Company of Heroes: Tales of Valor
Reinvention has been the word on everyone's lips when it comes to Relic's wartime poster child. Company of Heroes streamlined the real-time strategy experience by taking out all the naff or boring bits to create an arcadey, action driven title that was rightly hailed as a benchmark for its genre. All the more sympathy then for Relic, who have given themselves a monumentally difficult act to follow and some pretty tough choices to make as to where they should go next: keep the same magic formula and risk stagnation, or make too many changes and lose what made COH a success. What they've produced is actually a fairly decent instalment in the franchise, but an ultimately dumbed down experience.
In fact, "instalment" might be pushing it a little since there isn't an awful lot in the way of new content here. The campaigns consist of a paltry three missions a piece, and each will take you no longer than a couple of hours to complete. That being said, this is still Company of Heroes, and in spite of the woefully short single-player it's still the pinnacle of WWII strategy, and merit has to be given to Relic for riskily attempting to renovate a part of the genre increasingly lacking in any real sparks of originality.
Much like Dawn of War II and World in Conflict, Tales of Valor takes the less-is-more approach to real-time strategy warfare, with battles being strictly small-scale and players being in control of only a handful of men. The result is an interesting blend of action and RTS, with a few RPG elements thrown in for good measure.
Relic's centrepiece for this scaling down philosophy is the first new campaign in the expansion. Tiger Ace sees you taking control of a single German Tiger Tank crew, rampaging through the streets of Villers-Bocage. That's right: no resource management, no buildings and no unit production. This really does mean that there's little involved strategy, no discernible sense of difficulty and so, to be honest, not a whole lot of fun. Relishing in the glorious and gratuitous destruction that the Havok engine allows you to inflict on the poor French countryside will of course never get old and so visually, Tales of Valor delivers the timeless COH magic that we have all come to love.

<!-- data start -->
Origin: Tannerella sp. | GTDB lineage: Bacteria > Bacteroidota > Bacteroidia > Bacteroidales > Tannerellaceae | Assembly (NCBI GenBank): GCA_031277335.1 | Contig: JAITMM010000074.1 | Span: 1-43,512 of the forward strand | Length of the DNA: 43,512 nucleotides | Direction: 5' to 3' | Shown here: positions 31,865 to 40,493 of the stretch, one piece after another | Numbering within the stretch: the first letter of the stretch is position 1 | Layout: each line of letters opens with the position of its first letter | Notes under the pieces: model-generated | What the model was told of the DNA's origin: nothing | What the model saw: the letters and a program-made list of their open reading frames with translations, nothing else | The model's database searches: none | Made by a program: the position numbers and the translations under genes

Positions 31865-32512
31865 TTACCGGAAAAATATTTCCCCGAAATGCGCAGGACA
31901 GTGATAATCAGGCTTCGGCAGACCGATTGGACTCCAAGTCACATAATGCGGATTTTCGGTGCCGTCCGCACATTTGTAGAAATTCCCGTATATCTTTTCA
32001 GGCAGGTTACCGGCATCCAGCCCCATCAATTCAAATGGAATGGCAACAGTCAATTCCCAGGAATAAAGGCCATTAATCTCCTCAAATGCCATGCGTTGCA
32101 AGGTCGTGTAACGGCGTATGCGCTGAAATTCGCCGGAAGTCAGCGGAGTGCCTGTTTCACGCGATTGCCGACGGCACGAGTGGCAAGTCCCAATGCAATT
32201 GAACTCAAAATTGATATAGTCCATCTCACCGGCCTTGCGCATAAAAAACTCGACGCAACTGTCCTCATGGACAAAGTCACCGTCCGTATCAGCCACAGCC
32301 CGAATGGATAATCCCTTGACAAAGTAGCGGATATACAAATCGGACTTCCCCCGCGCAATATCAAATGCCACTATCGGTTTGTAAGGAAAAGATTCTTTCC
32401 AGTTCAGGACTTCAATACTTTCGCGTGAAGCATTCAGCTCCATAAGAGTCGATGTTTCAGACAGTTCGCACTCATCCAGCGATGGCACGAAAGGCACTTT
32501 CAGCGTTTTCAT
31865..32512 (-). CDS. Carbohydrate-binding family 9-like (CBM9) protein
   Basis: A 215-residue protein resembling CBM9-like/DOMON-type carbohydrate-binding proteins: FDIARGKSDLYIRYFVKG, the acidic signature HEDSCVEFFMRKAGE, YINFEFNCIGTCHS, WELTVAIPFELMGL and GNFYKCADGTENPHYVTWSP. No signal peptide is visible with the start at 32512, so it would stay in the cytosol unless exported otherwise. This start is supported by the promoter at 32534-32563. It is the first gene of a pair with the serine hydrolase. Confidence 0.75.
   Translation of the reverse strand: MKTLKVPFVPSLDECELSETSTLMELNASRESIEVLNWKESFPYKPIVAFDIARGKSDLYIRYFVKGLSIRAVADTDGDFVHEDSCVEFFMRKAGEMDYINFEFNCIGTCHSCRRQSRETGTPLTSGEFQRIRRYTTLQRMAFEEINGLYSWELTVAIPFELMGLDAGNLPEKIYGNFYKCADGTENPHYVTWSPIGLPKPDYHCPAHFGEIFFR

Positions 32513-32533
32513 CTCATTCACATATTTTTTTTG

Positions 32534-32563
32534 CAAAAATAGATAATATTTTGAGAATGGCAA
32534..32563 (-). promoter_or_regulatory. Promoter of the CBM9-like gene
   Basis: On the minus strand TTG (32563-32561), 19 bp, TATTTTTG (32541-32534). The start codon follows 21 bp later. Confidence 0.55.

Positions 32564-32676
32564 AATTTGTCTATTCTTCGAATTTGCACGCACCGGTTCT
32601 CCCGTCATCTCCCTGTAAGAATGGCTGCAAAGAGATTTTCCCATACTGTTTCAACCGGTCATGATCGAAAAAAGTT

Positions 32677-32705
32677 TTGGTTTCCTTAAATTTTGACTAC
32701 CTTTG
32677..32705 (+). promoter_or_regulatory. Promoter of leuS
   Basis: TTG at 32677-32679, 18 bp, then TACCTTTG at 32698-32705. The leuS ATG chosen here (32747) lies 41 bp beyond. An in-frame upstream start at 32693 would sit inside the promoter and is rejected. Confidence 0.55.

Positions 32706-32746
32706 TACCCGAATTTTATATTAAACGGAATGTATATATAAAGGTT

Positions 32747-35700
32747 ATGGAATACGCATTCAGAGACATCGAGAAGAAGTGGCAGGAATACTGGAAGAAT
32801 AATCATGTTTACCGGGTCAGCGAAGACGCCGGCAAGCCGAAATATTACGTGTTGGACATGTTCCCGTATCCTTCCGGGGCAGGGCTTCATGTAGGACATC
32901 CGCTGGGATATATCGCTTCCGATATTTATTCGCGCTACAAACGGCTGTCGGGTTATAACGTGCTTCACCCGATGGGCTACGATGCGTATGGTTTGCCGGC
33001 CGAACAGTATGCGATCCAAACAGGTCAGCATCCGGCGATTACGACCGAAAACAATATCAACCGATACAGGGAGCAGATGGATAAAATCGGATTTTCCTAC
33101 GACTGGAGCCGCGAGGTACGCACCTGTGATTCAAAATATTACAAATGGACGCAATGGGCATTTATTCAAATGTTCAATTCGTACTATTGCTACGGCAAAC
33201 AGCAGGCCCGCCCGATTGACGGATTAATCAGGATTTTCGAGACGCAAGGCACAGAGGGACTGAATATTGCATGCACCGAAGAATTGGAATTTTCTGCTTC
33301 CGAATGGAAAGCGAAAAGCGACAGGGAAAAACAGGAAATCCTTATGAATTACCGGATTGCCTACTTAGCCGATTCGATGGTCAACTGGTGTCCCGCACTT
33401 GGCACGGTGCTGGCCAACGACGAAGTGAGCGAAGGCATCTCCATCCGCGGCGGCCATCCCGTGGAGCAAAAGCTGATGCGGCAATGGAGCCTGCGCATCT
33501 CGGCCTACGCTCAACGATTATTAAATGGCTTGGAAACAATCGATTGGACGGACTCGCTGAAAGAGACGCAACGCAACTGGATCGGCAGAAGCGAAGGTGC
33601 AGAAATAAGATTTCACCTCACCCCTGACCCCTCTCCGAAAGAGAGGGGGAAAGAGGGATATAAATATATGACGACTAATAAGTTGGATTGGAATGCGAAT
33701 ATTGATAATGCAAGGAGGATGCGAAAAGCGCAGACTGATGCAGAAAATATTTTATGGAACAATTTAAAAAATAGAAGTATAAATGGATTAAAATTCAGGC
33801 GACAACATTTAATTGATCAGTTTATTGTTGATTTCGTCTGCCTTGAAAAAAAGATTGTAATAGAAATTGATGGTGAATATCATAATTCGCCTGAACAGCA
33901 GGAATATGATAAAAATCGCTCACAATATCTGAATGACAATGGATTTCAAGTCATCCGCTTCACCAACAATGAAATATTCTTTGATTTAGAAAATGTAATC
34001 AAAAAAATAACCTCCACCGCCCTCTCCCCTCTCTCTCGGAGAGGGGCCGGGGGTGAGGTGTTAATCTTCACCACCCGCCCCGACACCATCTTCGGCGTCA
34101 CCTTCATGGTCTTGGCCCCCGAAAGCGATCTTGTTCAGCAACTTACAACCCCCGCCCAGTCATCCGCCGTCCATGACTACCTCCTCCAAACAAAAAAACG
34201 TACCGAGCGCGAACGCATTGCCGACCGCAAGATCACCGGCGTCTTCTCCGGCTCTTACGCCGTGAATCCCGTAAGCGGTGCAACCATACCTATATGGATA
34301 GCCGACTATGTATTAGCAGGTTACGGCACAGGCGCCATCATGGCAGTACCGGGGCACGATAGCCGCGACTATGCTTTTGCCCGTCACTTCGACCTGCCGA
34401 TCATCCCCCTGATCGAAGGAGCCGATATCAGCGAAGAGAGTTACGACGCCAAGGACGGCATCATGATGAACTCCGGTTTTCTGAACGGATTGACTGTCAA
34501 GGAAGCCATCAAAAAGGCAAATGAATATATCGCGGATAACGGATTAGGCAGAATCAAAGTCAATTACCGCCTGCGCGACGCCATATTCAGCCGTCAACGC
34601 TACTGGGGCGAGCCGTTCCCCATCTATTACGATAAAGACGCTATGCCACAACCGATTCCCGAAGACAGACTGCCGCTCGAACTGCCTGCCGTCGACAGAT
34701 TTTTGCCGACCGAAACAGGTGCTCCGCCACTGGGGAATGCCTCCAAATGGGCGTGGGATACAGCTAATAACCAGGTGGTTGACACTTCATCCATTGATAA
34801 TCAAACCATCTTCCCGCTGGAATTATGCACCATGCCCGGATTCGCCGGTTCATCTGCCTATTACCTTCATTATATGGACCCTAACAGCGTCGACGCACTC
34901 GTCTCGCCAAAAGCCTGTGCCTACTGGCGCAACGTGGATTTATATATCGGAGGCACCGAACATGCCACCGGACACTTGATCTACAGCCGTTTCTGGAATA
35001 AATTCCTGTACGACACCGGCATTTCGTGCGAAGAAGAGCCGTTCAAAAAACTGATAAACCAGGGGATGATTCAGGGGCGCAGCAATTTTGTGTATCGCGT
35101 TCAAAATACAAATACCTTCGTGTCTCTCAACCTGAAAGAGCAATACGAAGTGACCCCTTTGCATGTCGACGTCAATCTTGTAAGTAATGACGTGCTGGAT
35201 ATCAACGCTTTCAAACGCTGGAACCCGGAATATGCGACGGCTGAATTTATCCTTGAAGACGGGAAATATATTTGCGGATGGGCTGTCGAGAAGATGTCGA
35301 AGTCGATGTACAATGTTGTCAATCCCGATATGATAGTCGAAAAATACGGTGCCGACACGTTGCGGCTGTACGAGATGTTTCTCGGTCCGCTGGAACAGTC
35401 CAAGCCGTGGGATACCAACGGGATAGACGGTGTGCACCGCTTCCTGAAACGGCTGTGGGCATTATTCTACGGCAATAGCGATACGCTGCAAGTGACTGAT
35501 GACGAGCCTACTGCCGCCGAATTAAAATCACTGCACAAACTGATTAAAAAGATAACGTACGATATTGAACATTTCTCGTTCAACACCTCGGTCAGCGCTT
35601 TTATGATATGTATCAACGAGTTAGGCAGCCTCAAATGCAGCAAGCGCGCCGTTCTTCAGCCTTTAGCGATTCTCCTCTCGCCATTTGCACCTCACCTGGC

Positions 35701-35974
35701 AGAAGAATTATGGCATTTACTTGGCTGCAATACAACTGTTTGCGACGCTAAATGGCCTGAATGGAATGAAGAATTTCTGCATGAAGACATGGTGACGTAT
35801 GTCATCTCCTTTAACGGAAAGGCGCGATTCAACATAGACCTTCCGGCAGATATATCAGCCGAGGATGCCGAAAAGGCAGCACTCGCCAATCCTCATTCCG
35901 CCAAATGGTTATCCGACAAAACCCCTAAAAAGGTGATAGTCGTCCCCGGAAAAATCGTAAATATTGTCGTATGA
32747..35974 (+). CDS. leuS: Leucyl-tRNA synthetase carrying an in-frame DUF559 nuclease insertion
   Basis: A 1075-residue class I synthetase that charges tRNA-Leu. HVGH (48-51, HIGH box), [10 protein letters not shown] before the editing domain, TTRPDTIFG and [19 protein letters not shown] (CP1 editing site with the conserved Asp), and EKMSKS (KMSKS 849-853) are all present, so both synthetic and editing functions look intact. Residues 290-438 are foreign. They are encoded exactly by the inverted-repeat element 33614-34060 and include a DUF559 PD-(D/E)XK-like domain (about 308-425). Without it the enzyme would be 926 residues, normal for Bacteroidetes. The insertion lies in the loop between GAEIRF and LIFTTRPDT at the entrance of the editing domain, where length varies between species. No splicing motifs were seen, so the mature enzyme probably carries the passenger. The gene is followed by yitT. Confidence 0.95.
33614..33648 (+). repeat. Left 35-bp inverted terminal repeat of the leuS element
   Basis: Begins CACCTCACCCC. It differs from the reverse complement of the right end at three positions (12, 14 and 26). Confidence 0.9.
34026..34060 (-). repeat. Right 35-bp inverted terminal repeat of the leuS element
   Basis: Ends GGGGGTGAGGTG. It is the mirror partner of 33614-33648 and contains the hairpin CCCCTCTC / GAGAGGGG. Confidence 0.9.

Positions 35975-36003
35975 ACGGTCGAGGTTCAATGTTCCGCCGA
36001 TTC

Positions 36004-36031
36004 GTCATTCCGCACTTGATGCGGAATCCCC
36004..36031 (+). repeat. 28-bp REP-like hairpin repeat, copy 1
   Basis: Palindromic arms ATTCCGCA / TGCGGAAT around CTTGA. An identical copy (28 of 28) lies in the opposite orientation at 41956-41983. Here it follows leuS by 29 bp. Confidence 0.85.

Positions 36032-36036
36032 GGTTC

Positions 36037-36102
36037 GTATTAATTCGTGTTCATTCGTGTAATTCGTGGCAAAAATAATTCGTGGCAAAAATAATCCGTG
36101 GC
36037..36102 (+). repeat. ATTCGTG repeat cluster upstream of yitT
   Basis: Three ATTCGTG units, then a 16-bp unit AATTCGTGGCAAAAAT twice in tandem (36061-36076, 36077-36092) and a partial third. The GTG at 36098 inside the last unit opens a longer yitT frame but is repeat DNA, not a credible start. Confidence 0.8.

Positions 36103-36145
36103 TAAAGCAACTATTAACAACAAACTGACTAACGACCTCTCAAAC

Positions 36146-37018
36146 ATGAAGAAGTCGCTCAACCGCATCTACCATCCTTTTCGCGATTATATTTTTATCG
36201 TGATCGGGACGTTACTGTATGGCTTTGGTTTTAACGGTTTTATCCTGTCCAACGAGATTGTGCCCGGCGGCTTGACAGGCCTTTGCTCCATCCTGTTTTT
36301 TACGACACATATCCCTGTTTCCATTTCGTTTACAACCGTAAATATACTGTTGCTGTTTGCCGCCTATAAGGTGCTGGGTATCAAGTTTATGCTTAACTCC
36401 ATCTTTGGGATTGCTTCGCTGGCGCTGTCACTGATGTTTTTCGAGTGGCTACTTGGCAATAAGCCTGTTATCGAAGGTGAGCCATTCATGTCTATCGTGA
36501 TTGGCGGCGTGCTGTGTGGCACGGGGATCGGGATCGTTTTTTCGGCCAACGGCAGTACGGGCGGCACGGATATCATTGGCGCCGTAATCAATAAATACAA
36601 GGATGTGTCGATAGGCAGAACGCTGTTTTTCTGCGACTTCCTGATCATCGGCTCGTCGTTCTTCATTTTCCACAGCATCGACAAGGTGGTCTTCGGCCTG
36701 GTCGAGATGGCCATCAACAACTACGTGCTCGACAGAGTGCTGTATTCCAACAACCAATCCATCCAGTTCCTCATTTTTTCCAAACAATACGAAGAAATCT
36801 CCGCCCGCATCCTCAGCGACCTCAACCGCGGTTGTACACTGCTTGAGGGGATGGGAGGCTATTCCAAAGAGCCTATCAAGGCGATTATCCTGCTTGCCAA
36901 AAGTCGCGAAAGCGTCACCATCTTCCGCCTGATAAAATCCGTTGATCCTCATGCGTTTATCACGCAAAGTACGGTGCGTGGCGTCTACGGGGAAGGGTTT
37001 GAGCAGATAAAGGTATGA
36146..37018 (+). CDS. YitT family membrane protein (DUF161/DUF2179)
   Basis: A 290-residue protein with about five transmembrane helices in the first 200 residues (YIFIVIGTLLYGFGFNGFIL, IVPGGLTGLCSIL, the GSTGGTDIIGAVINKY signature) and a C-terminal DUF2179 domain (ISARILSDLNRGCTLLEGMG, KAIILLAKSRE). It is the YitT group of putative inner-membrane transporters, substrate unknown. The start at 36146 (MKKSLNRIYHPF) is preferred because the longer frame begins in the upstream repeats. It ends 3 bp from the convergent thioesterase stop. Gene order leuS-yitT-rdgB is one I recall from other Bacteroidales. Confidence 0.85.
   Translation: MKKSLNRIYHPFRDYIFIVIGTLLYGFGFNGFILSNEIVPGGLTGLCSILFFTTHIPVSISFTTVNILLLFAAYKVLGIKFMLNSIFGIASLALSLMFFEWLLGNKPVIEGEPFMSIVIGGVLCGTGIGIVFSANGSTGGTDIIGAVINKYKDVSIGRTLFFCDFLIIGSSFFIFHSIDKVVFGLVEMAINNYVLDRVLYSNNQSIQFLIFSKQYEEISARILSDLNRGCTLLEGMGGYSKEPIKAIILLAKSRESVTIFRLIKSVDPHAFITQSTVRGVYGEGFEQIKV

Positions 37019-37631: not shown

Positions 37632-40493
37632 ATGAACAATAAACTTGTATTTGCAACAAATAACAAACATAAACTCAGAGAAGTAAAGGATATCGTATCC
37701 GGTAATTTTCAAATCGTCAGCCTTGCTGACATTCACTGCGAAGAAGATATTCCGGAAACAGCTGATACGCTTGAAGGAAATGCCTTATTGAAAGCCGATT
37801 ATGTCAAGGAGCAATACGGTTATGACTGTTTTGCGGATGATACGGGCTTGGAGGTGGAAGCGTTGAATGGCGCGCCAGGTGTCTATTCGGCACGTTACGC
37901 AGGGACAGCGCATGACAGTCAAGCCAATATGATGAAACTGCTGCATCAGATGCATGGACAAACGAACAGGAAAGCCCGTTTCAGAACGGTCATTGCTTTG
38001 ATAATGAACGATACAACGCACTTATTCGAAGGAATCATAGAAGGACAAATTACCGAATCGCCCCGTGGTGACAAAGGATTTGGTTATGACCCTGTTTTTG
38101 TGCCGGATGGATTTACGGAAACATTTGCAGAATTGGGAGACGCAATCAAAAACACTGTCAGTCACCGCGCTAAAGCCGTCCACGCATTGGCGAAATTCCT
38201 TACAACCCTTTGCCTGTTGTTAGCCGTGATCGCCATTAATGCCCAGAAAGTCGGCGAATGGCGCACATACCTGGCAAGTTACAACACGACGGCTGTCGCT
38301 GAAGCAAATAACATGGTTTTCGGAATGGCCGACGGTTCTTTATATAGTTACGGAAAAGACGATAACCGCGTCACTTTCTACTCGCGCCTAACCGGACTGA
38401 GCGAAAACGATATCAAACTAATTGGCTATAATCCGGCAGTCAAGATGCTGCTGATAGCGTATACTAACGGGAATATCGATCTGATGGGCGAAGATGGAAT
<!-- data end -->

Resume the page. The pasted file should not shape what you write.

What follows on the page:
The new campaigns also introduce Direct Fire, a new real-time aiming mode that allows you to use your mouse to aim and fire your turret or squad manually. This is only useful on occasion, and it's difficult to shake the gimmickiness of it, especially when pointing and clicking will get the job done most of the time. As mildly amusing but ultimately unfulfilling as the additions to the singleplayer are, it would be unfair to focus on them too heavily as this is undoubtedly a multiplayer expansion. The three new campaigns don't really add anything spectacular to the series in the same way that Opposing Fronts single-player did. However, the new multiplayer modes on the other hand are a stroke of Relic-flavoured genius.
World War Fun
Although strategy purists or hard-line COH veterans may turn their noses up at what are essentially game modes with a greater focus on arcade and immersive action rather than realistic or gritty strategy, they're nevertheless incredibly original, diverse and breathe new life into Relic's pride and joy, which until now was beginning to show signs of age.
In Assault mode, you're put in control of a single character from a choice of seven different character classes, each with their own individual abilities (the officer can boost morale, the sniper deals huge damage to single targets, the medic heals nearby allies and so on). The rest of the army is controlled by the AI and the ultimate objective is to push your way into the enemy's base and destroy their central HQ, upgrading your hero unit's three different attributes as you progress further and rack up kills. This kind of gameplay might seem to have more RPG and action elements that RTS, but speaking as someone who has squeezed every possible drop.of enjoyment out of most of Relic's titles, it is an incredibly refreshing change from the classic format.
Whether such changes will alienate or entice remains to be seen, but nevertheless Relic have produced an upstanding addition to the definitive WWII strategy series. Whether there's enough here to warrant its position as a standalone release is debatable - surely in this golden age of DLC such ploys will be viewed in a more cynical light - but the originality of the new multiplayer modes can't be faulted.
Relic seem to fancy themselves the mad scientists of the WWII RTS field, constantly experimenting and tinkering with the genre's formula with the aim to produce something new, and inarguably original.
Direct Fire Mode
You'll shoot when I tell you to shoot damn it!
Although a simpleton like me might not find Company of Heroes' new way of killing things particularly useful, this is something I'm sure higher level players may well exploit to every possible advantage in multiplayer.
I can only imagine it being beneficial when controlling a tank, however, as you can have a greater degree of control over which direction it is facing (and therefore which side of the hull takes damage) when shooting something behind or to the side, providing a partial resolution to the frustrating tank pathing issues that both Dawn of War II and COH have been dogged with.
The other upshot is that you can indiscriminately destroy the surrounding scenery as much as you want, even if there are no enemies in sight, and indulging one's pernicious side is always fun.
Download Company of Heroes: Tales of Valor
- PC compatible
- Operating systems: Windows 10/Windows 8/Windows 7/2000/Vista/WinXP